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9 days from ‘Election Day,' 39% of Floridians have voted

5.7 million Floridians, 58 million Americans have cast ballots in 2020 election

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The rush to get in ballots early shows no sign of easing. Just over 2 million Floridians voted during the first six days of early voting and 3.7 million mail-in ballots were received as of Sunday morning, according to the Florida Division of Elections.

Mail-in ballots received have already surpassed the total number of received in any previous Florida election and more than 2.2 million ballots mailed to voters have yet to be returned.

Democrats have returned nearly half-million more ballots by mail than Republicans, but Republicans have edged Democrats in in-person voting, with about a 130,000 advantage and early voting numbers are growing faster than the number of mail-in ballots.

Added together, 39% of Florida’s registered voters had cast ballots nine days before the election.

Nationally, more than 58.6 million Americans have voted. Ballots submitted or voted in states that have already opened in-person early voting represent more than 37% of all registered voters and nearly 42% of all the votes cast in the 2016 presidential election, according to the United States Election Project.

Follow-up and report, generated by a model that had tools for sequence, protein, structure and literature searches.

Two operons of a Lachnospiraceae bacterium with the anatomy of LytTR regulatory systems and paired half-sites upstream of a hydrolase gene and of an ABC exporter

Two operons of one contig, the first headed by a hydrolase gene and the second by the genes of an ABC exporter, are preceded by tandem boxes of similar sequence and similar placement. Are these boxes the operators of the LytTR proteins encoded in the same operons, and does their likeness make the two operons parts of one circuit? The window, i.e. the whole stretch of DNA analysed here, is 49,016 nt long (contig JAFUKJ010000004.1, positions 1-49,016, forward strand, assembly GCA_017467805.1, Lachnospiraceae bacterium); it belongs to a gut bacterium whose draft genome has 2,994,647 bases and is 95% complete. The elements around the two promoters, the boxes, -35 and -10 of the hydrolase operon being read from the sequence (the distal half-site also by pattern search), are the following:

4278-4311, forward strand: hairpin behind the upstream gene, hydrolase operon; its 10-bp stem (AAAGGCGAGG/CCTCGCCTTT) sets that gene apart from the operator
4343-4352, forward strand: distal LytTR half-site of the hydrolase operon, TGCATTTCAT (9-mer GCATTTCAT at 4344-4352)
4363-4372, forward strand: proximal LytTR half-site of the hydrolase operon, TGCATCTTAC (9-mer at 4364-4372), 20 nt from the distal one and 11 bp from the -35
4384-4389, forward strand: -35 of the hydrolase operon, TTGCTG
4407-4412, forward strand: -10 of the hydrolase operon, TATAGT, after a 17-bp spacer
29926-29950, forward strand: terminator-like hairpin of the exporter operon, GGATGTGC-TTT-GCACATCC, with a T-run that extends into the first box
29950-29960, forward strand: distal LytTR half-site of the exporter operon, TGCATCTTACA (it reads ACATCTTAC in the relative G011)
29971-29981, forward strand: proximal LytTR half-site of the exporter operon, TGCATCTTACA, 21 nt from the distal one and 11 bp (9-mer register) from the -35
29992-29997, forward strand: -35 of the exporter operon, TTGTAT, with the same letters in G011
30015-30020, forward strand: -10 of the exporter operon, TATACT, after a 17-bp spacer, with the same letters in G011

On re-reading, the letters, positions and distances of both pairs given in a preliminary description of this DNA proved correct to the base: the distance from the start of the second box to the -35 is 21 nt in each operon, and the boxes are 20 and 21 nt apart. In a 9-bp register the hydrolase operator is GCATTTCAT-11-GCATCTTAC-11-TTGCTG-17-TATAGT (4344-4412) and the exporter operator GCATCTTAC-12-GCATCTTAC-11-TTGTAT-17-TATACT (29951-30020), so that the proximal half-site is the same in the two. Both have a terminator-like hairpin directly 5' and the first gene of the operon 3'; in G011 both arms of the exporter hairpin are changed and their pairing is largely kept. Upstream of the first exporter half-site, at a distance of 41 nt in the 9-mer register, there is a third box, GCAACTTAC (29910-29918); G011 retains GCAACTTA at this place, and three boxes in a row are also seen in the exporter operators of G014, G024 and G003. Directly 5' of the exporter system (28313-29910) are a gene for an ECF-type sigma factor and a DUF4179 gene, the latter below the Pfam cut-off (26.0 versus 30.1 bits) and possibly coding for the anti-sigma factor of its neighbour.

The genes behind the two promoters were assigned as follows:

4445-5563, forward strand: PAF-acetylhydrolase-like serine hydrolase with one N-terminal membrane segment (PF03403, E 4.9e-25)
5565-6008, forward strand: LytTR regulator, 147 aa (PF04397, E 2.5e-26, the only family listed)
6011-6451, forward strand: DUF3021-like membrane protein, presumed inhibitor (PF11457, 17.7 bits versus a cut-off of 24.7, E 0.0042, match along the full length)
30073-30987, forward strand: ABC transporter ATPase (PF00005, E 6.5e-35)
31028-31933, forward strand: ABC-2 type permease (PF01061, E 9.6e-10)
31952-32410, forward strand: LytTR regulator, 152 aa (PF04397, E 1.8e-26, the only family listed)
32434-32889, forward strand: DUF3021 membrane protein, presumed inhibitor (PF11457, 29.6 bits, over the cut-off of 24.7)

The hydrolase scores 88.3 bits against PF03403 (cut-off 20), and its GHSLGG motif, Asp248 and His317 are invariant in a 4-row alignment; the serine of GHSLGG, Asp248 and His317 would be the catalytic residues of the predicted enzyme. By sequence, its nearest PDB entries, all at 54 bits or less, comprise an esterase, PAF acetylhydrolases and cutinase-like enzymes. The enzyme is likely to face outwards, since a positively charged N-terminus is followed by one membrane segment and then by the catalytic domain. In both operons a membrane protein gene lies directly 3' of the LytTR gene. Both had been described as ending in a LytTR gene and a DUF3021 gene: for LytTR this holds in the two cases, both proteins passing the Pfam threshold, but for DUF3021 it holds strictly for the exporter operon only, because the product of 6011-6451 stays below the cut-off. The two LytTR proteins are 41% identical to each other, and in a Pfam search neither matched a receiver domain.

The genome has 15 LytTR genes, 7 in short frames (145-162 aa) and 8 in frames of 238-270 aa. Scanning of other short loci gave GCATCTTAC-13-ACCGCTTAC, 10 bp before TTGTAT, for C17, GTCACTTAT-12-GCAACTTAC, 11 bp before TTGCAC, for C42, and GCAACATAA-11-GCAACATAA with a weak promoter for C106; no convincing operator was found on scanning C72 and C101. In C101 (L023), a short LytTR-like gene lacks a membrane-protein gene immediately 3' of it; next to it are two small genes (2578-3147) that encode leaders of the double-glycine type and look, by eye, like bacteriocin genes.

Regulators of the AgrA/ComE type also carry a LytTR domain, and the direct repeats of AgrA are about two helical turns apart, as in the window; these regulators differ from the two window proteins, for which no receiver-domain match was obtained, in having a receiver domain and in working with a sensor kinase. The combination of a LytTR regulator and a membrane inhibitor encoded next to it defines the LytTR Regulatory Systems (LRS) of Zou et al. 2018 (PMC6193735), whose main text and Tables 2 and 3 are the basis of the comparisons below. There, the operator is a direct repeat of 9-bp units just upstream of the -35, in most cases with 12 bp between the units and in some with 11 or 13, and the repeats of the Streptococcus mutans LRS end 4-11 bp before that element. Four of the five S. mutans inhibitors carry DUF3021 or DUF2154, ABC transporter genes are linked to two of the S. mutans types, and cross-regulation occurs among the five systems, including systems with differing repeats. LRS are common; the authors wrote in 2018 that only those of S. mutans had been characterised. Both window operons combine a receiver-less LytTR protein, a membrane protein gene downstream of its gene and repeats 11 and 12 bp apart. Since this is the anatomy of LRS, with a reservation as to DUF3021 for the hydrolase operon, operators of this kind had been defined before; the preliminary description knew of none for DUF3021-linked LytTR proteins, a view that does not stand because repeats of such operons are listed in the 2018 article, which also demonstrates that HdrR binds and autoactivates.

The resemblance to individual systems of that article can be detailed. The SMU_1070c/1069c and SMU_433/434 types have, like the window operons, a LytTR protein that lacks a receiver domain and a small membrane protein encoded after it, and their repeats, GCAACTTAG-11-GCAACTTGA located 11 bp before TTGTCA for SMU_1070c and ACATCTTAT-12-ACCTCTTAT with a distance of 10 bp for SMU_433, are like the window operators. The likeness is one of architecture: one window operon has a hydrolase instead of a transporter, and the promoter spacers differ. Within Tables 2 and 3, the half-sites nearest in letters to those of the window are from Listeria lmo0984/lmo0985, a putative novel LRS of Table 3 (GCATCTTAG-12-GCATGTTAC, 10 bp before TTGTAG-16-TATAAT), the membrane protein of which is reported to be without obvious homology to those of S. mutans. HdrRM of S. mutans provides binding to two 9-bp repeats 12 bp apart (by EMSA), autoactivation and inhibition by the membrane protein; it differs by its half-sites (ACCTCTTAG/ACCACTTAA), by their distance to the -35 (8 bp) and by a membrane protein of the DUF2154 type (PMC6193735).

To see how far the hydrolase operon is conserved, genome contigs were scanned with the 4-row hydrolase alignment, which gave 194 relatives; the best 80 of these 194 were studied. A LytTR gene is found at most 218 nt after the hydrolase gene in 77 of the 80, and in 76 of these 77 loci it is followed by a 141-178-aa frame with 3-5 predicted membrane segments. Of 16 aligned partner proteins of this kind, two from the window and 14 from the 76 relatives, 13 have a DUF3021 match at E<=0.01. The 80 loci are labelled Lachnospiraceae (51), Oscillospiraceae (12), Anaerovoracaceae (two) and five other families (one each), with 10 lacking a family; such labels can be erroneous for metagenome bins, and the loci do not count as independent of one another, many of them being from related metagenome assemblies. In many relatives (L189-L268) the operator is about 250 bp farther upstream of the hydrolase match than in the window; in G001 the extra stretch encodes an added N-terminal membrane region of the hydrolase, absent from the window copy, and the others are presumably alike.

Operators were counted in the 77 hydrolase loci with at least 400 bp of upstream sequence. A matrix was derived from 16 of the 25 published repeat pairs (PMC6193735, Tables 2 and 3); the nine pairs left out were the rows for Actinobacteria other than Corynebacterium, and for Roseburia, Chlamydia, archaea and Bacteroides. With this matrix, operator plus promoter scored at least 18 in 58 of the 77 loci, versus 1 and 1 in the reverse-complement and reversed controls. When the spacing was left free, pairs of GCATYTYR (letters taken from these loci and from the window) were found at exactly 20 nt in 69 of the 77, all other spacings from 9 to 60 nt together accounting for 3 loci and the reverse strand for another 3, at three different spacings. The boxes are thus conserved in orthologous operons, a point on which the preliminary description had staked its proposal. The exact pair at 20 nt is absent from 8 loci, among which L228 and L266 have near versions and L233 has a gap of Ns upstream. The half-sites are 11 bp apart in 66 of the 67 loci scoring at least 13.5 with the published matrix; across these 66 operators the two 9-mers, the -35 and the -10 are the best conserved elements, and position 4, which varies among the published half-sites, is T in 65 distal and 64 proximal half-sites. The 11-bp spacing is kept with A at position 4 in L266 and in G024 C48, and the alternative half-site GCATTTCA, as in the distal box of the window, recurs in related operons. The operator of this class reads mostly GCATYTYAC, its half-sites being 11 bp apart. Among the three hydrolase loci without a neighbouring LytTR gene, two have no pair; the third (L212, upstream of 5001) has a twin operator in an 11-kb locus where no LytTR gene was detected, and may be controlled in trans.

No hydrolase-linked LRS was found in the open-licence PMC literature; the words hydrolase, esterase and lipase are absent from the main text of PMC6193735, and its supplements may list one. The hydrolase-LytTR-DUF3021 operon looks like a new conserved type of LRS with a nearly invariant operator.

Americans' rush to vote is leading election experts to predict that a record 150 million votes may be cast and turnout rates could be higher than in any presidential election since 1908.

Among local counties, turnout rates are lower than the state average in Duval and Clay counties, but higher in St. Johns and Nassau counties.

Republicans have braced themselves for this early Democratic advantage for months, as they watched President Donald Trump railed against mail-in ballots and raise unfounded worries about fraud. Polling, and now early voting, suggest the rhetoric has turned his party’s rank and file away from a method of voting that, traditionally, they dominated in the weeks before Election Day.

But it does not necessarily mean Democrats will lead in votes by the time ballots are counted. Both parties anticipate a swell of Republican votes on Election Day that could, in a matter of hours, dramatically shift the dynamic.

“At some point, Republicans have to vote,” said Michael McDonald, a University of Florida political scientist who tracks early voting on ElectProject.org. “You can’t force everyone through a vote center on Election Day. Are you going to expect all those Republicans to stand in line for eight hours?”

Floridians voting by mail in recent elections

Associated Press contributed to this report.


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